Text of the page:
What are the challenges facing the industry going forward?

The retail landscape is probably undergoing its most significant change since the birth of the supermarket and we are seeing continued fragmentation of shopping trips, which is only likely to increase with further disruption to the sector meaning an end to ‘one size fits all’ shopping. The major challenge for both brand owners and agencies is to navigate this increasingly complex landscape and ensure that investment is made in the optimum channels, outlets and activities to reach their prioritised target shoppers and deliver long-term profitable growth.

Proving the ROI of any marketing or trade investment is rightfully going to become even more important, as brand owners have an increasing amount of retail outlets in which to invest in and are coming under more pressure to deliver lower prices. The past few years have seen deep discounts and promotions at unprecedented levels, which are unsustainable for long-term growth. While the pressure to deliver these discounts will remain, there will need to be more emphasis on activity which creates enduring change in shopper behaviour.

From a retailer perspective, the challenges are numerous, and in many cases coming from digital disrupters. Retailers must find ways of providing a seamless omnichannel experience and must optimise their bricks and mortar stores, creating an environment where shoppers choose to be, because they no longer have to be there.

What new trends are emerging in your industry?

It’s hard to know where to begin with this one. The ‘FM’ in FMCG means fast-moving in so many ways. The rise of digital networks has completely transformed the shopper decision journey. While traditional online grocery shopping in Ireland only accounts for 1.5% of grocery spend, this will increase in the coming years and much of this growth may be driven by disruptive models.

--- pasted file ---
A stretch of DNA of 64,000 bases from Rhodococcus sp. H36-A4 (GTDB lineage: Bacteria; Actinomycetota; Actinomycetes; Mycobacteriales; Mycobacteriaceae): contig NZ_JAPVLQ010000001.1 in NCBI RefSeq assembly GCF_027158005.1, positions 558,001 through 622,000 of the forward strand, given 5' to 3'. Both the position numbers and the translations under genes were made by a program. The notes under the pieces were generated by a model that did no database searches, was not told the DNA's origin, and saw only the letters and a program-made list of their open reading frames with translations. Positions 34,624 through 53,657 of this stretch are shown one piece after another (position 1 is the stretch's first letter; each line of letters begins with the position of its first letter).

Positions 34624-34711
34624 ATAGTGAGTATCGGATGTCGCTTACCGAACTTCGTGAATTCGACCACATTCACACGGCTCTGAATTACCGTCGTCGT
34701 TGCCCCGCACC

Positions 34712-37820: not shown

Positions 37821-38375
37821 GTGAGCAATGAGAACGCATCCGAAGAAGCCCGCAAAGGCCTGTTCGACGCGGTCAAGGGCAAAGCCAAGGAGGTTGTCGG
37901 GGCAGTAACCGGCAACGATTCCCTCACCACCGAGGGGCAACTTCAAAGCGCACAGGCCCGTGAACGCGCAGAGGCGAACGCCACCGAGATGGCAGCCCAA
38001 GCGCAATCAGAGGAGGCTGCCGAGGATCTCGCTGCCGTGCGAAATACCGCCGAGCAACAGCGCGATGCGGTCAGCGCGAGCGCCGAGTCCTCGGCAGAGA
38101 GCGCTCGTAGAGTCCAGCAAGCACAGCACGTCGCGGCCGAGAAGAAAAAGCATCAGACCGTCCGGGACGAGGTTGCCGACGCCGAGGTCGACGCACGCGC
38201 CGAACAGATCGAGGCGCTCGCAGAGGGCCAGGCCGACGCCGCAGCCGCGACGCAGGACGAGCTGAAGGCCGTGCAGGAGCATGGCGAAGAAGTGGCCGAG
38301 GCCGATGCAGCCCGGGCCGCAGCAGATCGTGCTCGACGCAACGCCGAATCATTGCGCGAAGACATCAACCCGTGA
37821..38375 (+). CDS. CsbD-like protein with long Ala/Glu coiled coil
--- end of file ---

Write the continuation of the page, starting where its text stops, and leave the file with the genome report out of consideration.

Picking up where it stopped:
Take Google Express, which allows shoppers to shop across multiple stores from one touchpoint, as an example. In Ireland, you have the likes of Buymie offering a similar service, with a growing number of partner stores on the platform. There is also a growth in ‘direct to shopper’ offerings, whereby brand owners are selling directly to shoppers online, enabling them to take back control of the shopper interface. This is somewhat linked to another trend, the growth in subscription shopping, which is further impacting basket size per shopping trip and can lock shoppers out of a category for a considerable length of time.

At the forefront of much of this disruption is the 800-pound gorilla, Amazon, who are giving every other retailer in the world sleepless nights. Another two trends, both of which are central to Amazon’s strategy, are worth noting. The first is the blurring of the lines between online and offline retail, with customers now expecting a seamless, personalised experience in both. The second is that of voice shopping, and the growth of voice-interface devices as Amazon’s Alexa devices or Google Home. These devices are completely changing the way in which we relate to computers and I think many people underestimate the impact this will have on how we shop in the near future.

Are there any major changes you would like to see in your sector?

As mentioned previously, a change which we are starting to see happen, but which has some way to go, is in the perception of shopper marketing. It should not be seen as just an activity that happens in store, but as an insight driven marketing approach that positively influences purchase and consumption behaviour at key touch points on the shopper-journey. It is important that ‘shopper’ is integrated into marketing activities from the outset and that there is an appreciation of shopper behaviour and motivations within organisations, enabling the optimisation of marketing programmes, and in turn profitable growth.

As an employer are you finding any skills gaps in the market?